Review From User :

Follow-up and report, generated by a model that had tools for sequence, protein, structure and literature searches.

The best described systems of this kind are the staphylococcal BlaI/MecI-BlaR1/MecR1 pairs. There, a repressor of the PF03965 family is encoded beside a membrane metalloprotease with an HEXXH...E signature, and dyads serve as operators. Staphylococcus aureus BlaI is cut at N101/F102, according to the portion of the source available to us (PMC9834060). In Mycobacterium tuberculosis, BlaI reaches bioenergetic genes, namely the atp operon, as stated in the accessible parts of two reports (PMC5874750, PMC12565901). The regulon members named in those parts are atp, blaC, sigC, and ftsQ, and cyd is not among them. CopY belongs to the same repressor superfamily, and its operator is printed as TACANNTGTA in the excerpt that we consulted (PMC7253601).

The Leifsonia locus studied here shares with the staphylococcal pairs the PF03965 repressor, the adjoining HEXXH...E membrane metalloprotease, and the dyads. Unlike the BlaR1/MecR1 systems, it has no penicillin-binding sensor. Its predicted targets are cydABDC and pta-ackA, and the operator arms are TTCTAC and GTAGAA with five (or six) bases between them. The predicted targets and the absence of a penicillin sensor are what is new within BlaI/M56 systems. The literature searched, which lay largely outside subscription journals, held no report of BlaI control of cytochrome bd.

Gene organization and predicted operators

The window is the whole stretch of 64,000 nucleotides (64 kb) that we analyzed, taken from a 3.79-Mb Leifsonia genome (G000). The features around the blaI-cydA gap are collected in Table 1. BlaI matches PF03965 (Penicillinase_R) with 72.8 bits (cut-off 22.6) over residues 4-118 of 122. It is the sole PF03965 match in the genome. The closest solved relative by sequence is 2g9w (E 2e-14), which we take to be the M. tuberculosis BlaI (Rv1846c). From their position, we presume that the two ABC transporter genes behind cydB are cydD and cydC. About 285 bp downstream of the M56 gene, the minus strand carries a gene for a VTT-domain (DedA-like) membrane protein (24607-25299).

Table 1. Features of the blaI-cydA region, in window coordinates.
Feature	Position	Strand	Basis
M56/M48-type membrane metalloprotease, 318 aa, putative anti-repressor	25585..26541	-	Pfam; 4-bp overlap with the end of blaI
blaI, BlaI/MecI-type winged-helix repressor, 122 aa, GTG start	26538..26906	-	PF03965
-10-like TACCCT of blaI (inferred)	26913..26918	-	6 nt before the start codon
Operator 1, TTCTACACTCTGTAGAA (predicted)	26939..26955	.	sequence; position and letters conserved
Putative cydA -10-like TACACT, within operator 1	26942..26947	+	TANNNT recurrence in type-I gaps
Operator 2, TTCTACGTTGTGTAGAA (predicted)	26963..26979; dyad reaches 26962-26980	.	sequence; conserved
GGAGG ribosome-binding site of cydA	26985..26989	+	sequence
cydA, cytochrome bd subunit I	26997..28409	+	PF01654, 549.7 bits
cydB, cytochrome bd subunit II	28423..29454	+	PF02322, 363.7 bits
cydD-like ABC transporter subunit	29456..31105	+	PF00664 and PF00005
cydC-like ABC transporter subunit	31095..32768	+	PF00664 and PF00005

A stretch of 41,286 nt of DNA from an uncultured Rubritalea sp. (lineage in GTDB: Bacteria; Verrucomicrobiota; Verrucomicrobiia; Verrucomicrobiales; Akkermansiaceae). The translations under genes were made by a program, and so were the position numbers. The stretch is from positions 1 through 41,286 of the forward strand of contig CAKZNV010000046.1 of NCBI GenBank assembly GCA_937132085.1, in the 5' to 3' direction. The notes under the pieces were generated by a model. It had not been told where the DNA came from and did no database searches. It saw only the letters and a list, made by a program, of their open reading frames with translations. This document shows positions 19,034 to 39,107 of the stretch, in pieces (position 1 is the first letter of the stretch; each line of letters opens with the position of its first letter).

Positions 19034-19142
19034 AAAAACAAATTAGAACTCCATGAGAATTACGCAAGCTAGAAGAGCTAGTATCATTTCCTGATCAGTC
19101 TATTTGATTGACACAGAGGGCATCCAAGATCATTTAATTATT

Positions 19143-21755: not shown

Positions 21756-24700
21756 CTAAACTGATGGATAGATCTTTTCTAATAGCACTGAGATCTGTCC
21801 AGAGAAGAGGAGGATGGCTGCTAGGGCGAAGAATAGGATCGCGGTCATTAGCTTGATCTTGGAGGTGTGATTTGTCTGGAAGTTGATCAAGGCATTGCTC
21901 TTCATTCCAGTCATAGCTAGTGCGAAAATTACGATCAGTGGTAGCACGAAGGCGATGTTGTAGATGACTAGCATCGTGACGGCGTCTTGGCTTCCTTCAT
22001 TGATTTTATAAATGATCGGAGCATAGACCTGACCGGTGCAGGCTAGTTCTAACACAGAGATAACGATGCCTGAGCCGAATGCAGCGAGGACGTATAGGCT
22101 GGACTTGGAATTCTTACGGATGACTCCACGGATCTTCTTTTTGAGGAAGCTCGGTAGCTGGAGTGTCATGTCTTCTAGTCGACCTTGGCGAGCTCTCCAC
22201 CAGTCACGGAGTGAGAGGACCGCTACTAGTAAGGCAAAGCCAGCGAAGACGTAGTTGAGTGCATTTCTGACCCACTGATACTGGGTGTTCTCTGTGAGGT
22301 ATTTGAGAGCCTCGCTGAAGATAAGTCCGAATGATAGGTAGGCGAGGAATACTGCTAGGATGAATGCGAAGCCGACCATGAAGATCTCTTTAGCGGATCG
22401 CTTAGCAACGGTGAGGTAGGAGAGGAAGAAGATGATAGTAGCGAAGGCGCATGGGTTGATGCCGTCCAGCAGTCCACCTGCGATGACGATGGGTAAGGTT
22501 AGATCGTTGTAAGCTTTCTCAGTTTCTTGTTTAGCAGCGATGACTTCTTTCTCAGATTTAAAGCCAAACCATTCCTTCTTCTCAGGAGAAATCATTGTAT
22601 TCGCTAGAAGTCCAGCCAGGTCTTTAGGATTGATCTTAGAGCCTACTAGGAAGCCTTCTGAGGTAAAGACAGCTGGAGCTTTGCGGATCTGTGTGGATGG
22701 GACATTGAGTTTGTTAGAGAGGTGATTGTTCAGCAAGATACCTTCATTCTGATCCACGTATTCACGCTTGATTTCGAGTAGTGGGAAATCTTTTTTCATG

Copenhaver's introduction to the Hermetic corpus approaches the historical origins of Hermetism and Hermeticism from, seemingly, all angles-at once dispelling the mythic history that surrounded Hermes Trismegistus and clarifying the texts' rightful place in the greater context of Hellenistic philosophy and theology. The most valuable aspect, I found, of his introductory essay was the exploration of Hermetism as an ultimately syncretic religious movement that exemplified the concurrent cultural syncretism of first and second century Alexandria. As a complement to older introductory works to the same subject, Copenhaver modernizes the broader view of Hermetism by taking into account the recently discovered collection of Coptic Gnostic and Hermetic texts at Nag Hammadi. This allows for a better understanding of the relationship between Gnostic metaphysics and the theoretical Hermetica, dispelling notions of a rigid divide between the two systems. Introduction aside, the translation itself is wonderfully put together and is extrapolated upon by one hundred and sixty-seven pages of etymological, historical and philosophical notes on the text of the corpus. All of this combines to make Copenhaver one of the definitive modern sources on early Hermetism.
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